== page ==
How to Synchronize Files Across Locations
rsync is a utility that can be used to copy files and for keeping files the same on different systems as a rudimentary version control system. The benefit to using rsync over scp is that if an scp is stopped for any reason (poor wireless connection, large files, etc) the restart will begin as if no files were copied over.
You should not use rsync to synchronize files between active and archive storage.
The rsync utility will only copy the files that were not successfully moved over in the previous command. Once you have SSH access between two machines, you can synchronize dir1 folder ( home directory in this example) from local to a remote computer by using syntax:
rsync -a ~/dir1 username@remote_host:destination_directory
…where remote host is the Roar host name as in scp command. If dir1 were on the remote system instead of the local system, the syntax would be:
rsync -a username@remote_host:/home/username/dir1 place_on_local_machine
If you are transferring files that have not been compressed yet, like text files, you can reduce the network transfer by adding compression with the -z option:
rsync -az source_dir username@remote_host:target_dir
The -P flag is very helpful. It combines the flags –progress and –partial. The former gives you a progress bar for the transfers and the latter allows you to resume interrupted transfers:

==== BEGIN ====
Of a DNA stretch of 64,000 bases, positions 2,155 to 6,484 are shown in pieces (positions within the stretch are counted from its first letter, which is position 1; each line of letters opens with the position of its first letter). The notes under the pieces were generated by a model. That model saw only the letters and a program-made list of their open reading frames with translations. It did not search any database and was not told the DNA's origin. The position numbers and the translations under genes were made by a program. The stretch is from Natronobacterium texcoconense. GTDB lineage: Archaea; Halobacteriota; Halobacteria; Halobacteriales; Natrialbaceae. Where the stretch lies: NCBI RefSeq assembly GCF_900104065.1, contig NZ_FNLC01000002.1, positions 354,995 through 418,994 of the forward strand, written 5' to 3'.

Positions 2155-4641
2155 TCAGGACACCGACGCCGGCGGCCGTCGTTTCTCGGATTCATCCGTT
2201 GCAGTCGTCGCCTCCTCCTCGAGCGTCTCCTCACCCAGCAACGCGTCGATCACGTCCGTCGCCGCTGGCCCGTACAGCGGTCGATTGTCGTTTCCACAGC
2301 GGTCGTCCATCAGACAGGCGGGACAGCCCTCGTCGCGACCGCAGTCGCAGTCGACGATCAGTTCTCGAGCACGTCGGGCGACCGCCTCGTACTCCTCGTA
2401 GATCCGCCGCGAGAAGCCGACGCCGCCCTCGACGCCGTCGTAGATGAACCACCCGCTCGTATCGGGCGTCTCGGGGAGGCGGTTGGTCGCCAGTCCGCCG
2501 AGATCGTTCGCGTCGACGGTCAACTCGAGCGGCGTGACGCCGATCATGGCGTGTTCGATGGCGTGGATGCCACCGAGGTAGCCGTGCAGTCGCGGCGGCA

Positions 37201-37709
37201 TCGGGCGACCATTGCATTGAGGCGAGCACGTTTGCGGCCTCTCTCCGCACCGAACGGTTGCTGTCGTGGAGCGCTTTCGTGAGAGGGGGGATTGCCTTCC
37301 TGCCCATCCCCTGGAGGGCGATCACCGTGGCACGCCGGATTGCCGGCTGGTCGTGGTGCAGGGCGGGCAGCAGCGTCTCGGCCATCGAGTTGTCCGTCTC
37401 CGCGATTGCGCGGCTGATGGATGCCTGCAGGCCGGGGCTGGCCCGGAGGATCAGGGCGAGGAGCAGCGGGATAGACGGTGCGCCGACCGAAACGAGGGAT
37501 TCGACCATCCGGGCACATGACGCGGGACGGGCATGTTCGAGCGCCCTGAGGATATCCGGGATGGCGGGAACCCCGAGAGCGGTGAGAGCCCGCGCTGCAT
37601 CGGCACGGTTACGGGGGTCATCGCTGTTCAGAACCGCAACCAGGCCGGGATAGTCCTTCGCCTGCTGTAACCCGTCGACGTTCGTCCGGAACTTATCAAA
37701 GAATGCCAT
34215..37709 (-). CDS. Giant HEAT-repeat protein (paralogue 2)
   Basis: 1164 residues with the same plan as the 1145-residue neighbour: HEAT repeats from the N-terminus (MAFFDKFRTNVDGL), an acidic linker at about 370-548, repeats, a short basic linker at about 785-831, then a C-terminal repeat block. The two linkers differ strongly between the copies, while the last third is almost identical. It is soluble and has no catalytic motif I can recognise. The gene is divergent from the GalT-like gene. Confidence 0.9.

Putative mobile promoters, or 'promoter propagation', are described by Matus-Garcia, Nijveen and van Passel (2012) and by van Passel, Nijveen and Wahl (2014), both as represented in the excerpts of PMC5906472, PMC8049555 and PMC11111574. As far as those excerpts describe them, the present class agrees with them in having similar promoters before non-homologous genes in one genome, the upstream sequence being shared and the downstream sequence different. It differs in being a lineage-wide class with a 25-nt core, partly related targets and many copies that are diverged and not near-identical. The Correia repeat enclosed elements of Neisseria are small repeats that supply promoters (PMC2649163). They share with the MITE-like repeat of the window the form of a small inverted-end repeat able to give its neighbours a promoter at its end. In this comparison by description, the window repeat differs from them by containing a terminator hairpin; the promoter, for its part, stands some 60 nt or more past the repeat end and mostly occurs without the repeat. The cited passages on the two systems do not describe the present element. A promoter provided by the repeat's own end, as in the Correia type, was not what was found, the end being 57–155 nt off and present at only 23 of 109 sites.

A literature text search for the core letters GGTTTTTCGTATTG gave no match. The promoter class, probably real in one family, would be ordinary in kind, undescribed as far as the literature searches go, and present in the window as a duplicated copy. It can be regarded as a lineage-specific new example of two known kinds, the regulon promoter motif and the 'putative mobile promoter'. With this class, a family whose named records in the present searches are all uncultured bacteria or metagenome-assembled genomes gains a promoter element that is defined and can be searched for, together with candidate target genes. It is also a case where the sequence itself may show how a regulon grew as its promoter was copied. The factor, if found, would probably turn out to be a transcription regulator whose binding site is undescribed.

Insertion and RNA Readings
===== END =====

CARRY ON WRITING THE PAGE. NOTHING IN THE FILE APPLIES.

rsync -azP source_dir username@remote_host:target_dir
In order to keep two directories synchronized it is necessary to delete files from the destination directory if they are removed from the source. rsync does not delete anything from the destination directory by default. To change this behavior use the –delete option:
rsync -a --delete source_dir username@remote_host:taget_dir
If you wish to exclude certain files or directories located inside a directory you are syncing, you can do so by specifying them in a comma-separated list following –exclude= option:
rsync -a --exclude=pattern_to_exclude source_dir username@remote_host:target_dir
One common pitfall that can affect users transferring files between systems with different usernames and groups can be the permissions assigned to the files being rsync-ed. The –chmod option can be used both to set the permissions for the user, group and other independently, as well as to set any directory permissions for inheritance of files created within the directory after the transfer is complete. Multiple commands can be strung together using commas. For example, the following will provide full permissions for the user, read and execute permissions for others in the group and will cause all of the future files created within any directories being transferred to inherit the group that the directory has.
rsync -a--chmod u=rwx,g=rx,Dg+s source_dir username@remote_host:target_dir